2018 saw an outstanding set of EPQ results with 85 per cent of pupils gaining A*-B grades and the qualification is growing in popularity as students catch on to how well it prepares them for university. Full of lively, kind and ambitious students, Dauntsey's 'is noted for its unpretentious atmosphere' reinforced by the balanced intake from prep and state schools at 11 and 13. Demand for a place is high, attracting families from far and wide: there are 14 different buses transporting pupils co school each day - the Head didn't want anyone to have to leave for school before 7am, so the first bus departs at 7.01am. School spirit is alive and kicking here: when the 1st XV Rugby made the National Vase final, more than 700 pupils travelled all the way to Twickenham to support the team.
It's incredibly refreshing when a school tells us they'd rather accept happy and spirited children over hothoused academic ones. At Dauntsey's, the interview is the clincher, even if the entrance exam didn't quite go to plan. It's a school full of quirks - take the Head of Adventure (surely the coolest job title ever?), an embodiment of Dauntsey's go-for-it attitude, and Jolie Brise, their very own tall ship, which last year went transatlantic, steered by a crew of sixth formers. The arts are incredible - catch the drama department performing in the West End - and there's a brand-new ballroom dancing club, not forgetting the longstanding, hilariously named all-boys dance group, GNI (Girls Not Invited). The art department, with its four (yes, four!) 3D printers was a hive of activity on our visit.
A-level results were an admirable 76 per cent A*-B last year and pupils and teachers share a 'courteous informality'. Ex-Saracens player Marcus Olsen heads up the sports department and the long-awaited athletics track is finally under construction. Boarding is 24/7, with a full timetable on Saturdays; what the purpose-built accommodation lacks in charm it makes up for in modern touches and 13 different bus routes ship the huge cohort of day pupils back and forth. Head Mark Lascelles is, says our sleuth, 'charming, honest and great fun' - though a word of advice if you do visit: pack your warmest layers - the school's in the middle of nowhere with a chill wind flying straight off the Salisbury Plain ...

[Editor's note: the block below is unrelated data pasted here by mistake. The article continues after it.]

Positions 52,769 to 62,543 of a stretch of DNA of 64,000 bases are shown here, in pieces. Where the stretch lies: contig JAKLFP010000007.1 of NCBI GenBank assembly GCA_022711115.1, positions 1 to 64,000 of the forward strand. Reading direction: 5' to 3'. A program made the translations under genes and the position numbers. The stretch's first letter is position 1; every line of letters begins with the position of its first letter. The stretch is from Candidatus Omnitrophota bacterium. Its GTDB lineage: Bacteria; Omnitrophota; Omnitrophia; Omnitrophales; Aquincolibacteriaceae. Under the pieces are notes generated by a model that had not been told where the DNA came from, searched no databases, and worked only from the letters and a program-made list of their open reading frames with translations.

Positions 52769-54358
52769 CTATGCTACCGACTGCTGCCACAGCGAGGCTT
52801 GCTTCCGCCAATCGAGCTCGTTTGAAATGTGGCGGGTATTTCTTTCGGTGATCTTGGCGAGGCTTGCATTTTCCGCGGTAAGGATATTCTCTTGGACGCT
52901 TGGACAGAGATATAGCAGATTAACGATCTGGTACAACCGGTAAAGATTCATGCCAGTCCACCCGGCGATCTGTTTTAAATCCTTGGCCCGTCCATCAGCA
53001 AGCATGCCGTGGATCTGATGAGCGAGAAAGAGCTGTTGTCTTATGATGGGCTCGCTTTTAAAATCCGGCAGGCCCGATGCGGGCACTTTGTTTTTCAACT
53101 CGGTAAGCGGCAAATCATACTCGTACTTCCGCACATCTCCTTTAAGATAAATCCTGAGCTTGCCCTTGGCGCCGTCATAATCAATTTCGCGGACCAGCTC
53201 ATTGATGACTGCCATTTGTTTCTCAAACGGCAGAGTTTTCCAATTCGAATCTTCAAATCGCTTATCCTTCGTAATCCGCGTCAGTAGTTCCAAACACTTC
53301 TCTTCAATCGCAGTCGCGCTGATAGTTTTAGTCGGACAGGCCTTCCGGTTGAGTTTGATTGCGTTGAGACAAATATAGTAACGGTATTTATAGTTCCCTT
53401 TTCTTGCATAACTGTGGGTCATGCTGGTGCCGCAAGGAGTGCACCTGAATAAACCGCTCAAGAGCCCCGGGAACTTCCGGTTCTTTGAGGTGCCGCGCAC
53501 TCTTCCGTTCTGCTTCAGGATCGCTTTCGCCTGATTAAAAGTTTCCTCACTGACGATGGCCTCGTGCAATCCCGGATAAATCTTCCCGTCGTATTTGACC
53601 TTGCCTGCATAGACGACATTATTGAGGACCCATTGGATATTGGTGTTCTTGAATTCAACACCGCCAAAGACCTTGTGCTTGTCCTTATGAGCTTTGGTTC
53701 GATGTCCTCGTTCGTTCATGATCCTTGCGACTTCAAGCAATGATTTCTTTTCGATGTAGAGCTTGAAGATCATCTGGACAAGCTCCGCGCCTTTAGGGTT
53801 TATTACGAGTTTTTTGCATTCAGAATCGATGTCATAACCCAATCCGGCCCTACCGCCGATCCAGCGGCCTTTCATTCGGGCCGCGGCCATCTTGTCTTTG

When the head of a school 60 miles away said that ‘Dauntsey’s does a lot of things very well and in the right way’, head Mark Lascelles must have glowed. On his watch, the school has mushroomed from 763 pupils to full capacity at 832, and ships in children from Andover to Salisbury and beyond with 13 dedicated bus routes. Now that nearby Marlborough has all but stopped taking day pupils, Dauntsey’s is the day option in these parts (around 45 percent of pupils full-board).
Most pupils pitch up at 11+, with a smaller boarding entry at 13+. There’s Saturday-morning school for all. A-level-results are solid (78 per cents A*-B) and last uear’s GCSE results were the best ever. They’re looking for pupils with a GSOH and adventurous outlook (there’s a dedicated ‘head of adventure’). Last year saw a pop-up production of Billy Elliot in the West End, Dauntsey’s fourth trip to Bhutan since becoming the first school ever to visit the kingdom, the opening of the Olive Building for maths and sciences, fundraising for and a visit to an orphanage in Romania, a new pavilion and new dance studio. Phew. Dance is big and features on the mainstream curriculum, and the sailing is positively epic: last year pupils guided their very own ship, the Jolie Brise, to victory in the Tall Ships Races for the second year running.